"You don't?" Gibbs tilted his head. "Hmm . . . go on with your day."
"That's it," she said, shrugging. "Trish and I went to a movie and stopped for a bite afterwards, and then I went home and went to bed."
"Did you go out during the night?" She shook her head. "Did Mike call you?"
She nodded. "Around seven he called and . . ." She rolled her eyes. "He's kind of a romantic."
Tony glanced at Ziva. He wouldn't have pegged Travers for a romantic. Ziva shrugged.
"So he called to . . . what?"
"To tell me he loves me. Just sweet talking."
"And is that the only time you heard from him on Tuesday night?" She nodded. "And Wednesday morning?"
"I didn't hear from him at all on Wednesday morning."
"Where was your cell phone that night?"
"On my nightstand."
He looked through the papers he'd brought in with him. "I have cell phone records here that show him calling you at 0213."
"That would be 2:13 in the morning?" she asked. He nodded. "I had the ringer turned off."
"The records show a fifteen minute call."
"He must have left one hell of a long voice mail message, then."
"You haven't checked your voice mail since Wednesday morning?"
She blinked at him. "I . . . what are you trying to say?"
Gibbs shook his head. "Nothing, I'm just trying to clarify things. So, you're saying you didn't answer the call he made at 0213 on Wednesday morning?"
"Yes, I'm saying that."
"So, if you haven't checked your voice mail, then his message should still be on there. Can I hear it?"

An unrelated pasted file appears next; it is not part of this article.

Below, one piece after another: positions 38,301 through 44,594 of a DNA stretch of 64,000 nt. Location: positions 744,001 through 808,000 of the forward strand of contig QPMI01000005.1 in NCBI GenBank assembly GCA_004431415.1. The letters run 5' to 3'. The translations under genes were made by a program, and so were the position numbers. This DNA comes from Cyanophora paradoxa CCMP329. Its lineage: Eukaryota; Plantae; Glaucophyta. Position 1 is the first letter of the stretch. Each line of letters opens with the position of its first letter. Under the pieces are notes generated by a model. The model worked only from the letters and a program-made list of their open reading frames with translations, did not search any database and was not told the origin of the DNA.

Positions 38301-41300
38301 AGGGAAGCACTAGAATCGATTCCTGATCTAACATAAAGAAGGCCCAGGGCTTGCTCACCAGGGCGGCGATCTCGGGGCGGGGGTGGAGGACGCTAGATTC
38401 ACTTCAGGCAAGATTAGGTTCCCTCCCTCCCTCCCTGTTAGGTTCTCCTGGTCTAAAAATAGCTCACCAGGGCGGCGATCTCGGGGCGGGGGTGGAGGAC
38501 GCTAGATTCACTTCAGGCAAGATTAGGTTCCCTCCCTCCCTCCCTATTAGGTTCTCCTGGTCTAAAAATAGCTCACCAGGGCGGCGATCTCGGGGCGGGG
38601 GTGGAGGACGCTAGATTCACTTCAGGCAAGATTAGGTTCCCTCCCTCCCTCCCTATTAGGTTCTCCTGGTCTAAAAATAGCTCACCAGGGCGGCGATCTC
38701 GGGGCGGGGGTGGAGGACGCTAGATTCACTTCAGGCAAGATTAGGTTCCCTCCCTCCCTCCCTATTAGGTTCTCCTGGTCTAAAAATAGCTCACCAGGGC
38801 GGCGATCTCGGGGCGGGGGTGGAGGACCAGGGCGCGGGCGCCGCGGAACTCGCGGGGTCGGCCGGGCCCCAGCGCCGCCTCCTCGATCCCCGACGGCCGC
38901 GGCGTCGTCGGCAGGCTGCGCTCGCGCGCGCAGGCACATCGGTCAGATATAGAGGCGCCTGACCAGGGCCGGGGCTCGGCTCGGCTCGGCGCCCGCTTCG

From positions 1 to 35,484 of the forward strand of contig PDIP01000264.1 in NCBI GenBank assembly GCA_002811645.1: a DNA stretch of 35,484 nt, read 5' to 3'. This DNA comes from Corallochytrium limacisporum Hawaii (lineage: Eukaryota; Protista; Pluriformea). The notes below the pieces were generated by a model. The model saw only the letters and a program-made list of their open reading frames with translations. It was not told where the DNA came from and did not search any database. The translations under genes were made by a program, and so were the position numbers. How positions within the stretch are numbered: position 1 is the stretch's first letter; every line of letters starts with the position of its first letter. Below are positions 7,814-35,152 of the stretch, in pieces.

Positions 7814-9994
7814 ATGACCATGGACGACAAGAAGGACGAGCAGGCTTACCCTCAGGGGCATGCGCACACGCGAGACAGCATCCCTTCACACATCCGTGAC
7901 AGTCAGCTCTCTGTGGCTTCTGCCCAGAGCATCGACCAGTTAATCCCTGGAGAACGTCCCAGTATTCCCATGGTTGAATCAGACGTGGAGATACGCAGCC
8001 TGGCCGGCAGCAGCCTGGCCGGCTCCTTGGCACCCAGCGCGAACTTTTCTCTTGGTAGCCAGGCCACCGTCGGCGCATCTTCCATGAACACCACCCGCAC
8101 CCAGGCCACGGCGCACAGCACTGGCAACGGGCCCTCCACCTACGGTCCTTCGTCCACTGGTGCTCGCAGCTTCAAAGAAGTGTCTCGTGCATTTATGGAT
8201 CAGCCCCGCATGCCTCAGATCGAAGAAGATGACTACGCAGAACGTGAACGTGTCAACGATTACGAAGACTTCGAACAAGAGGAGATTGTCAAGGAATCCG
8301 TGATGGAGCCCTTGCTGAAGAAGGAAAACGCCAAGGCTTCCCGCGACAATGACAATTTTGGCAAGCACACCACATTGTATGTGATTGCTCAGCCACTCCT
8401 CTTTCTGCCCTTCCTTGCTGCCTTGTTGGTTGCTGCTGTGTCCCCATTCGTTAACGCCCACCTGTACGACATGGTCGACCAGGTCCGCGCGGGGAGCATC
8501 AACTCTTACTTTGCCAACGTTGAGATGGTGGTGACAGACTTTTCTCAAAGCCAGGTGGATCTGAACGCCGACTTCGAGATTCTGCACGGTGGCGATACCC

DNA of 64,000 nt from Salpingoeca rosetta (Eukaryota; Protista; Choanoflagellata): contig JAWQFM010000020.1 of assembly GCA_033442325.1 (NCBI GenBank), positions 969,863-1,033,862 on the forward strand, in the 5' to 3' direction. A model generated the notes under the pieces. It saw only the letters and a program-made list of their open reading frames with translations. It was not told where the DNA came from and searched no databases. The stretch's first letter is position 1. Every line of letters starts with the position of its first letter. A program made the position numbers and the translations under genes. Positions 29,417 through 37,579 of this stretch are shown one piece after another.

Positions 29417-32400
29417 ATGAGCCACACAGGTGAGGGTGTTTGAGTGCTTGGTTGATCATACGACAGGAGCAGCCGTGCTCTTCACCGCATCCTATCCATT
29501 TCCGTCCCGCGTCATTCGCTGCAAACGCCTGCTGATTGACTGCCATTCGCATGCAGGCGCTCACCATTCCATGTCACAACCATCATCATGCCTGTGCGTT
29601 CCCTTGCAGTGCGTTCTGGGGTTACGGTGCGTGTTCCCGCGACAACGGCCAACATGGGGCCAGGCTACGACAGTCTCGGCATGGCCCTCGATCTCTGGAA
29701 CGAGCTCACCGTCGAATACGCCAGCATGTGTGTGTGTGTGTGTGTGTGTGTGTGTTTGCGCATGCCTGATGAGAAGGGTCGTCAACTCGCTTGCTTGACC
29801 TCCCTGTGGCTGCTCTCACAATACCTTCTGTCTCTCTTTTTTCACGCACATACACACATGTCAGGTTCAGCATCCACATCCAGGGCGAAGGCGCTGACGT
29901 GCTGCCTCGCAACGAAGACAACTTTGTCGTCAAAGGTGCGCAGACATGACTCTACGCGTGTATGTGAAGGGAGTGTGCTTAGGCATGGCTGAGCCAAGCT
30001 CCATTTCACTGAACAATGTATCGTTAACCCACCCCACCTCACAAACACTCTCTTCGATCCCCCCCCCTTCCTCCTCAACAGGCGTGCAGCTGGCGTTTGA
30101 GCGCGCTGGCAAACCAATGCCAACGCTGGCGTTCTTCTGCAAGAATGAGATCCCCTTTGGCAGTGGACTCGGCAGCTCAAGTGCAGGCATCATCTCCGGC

"It's private," she said, shaking her head.
"It could be relevant to an NCIS investigation. I could get a warrant, but it would look better if you gave it to me yourself."
She stared at him, and Tony could see the wheels turning in her mind. A subpoena would just reveal the fact that there was no such message, and he'd lay odds that McGee could find that out for sure. "Okay, I talked to him, but he was talking crazy," she said. "I didn't want to get him in trouble."
"What was he saying?"
"It was all about how one of his co-workers had figured out he was doing something wrong and had called him on it. He was freaked out and said he had to do something about it."
"And now we have the blaming of the accomplice," Tony murmured. "Like clockwork." Ziva shot him a grin.
"Do what?" Gibbs asked.
"He didn't say. He was just rambling."
"What did his co-worker catch him doing?"
"This embezzling stuff, I guess," she said. "I don't know, I wasn't involved."
"Really?" Gibbs pulled out some papers. "Are you familiar with MCA Investments?" From there it went rapidly downhill for Ferguson. Gibbs roped her firmly to the embezzlement scheme, and she finally admitted to it. She seemed to think they were done, but Gibbs shook his head. "As it happens, you were misinformed as to why we wanted to talk to you," he said.
"What do you mean?" she asked, her brows drawing together.
"When Mike called you on Tuesday night, did he tell you who the co-worker was?"
She nodded. "Gabe. I met him once. A regular boy scout. I knew there was no way we could buy him off."